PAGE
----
Canadians have called for the "right to bare arms" after a former prime minister suggested female newsreaders should not wear sleeveless outfits on television.

Kim Campbell, the first female Prime Minister of Canada, who served briefly as leader in 1993, caused a backlash when she said that women who wore sleeveless dresses "undermine credibility and gravitas".

She tweeted: "I am struck by how many women on television news wear sleeveless dresses — often when sitting with suited men. I have always felt it was demeaning to the women and this suggests that I am right. Bare arms undermine credibility and gravitas!"

The post led to her being ridiculed, with many women, including Michelle Rempe, a Canadian MP, saying they wanted the right to "bare arms".

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Campbell's original tweet linked to a blog post by Nick Morgan, an American communications coach, which says: "Apparently, we humans are pretty simple creatures.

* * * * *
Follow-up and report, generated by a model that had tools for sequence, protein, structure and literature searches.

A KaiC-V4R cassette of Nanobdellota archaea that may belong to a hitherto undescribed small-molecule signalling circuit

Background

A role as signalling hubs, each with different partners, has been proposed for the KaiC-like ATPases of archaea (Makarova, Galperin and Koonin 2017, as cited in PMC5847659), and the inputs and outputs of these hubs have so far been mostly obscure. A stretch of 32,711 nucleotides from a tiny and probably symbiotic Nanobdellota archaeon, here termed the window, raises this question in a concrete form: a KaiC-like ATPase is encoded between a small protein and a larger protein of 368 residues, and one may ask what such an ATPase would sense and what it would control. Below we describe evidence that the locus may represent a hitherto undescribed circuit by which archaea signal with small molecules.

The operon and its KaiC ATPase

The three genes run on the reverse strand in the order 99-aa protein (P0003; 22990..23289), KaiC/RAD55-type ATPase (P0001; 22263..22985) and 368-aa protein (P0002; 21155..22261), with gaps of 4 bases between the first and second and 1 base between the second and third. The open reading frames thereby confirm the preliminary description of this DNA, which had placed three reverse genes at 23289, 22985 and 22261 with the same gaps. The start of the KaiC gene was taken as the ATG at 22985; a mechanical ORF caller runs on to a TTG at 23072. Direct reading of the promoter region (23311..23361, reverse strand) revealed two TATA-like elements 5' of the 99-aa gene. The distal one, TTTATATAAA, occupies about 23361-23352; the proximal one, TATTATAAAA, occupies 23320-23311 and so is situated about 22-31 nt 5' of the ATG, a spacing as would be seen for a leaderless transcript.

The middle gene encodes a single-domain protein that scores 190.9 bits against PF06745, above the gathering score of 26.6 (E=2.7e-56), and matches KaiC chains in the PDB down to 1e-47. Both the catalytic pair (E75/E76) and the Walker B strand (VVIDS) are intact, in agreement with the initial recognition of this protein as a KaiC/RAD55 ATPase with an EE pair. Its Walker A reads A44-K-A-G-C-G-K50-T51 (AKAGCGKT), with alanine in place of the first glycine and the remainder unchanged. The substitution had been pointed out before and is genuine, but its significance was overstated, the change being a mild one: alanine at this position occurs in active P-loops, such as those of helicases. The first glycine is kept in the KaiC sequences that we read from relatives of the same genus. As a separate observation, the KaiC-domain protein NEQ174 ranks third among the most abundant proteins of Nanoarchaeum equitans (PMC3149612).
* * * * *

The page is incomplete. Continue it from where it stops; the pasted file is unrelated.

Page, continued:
"If you show up in front of us with skin exposed, we're going to think about your body. If you're wearing lots of clothing, we're going to think about your mind."

Many pointed out that Michelle Obama frequently wears sleeveless dresses, and people take her seriously, but Campbell replied that she was talking about female reporters.

Natasha Pace, a reporter, replied: "I don't believe bare arms undermine credibility. Shouldn't the audience be focusing on what is being said and not an outfit? I think people should dress how they are comfortable and what makes them feel confident. Women on TV are criticised every single day, wish it would stop."

Janice Dickinson, a political reporter, wrote: "I've worn sleeveless dresses on TV in the summer. I never got the impression that I was taken less seriously because I wasn't dressed for winter in July."

Another critic said: "I'm sorry @AKimCampbell, you may have been our first female prime minister, but this tweet just undermined your credibility of being a good role model for young women. Your words matter more than your outfit."

However, Campbell tweeted: "It is hardly sexist to care about women's credibility. This is an issue unsuited to Twitter debates."

- Telegraph Group Ltd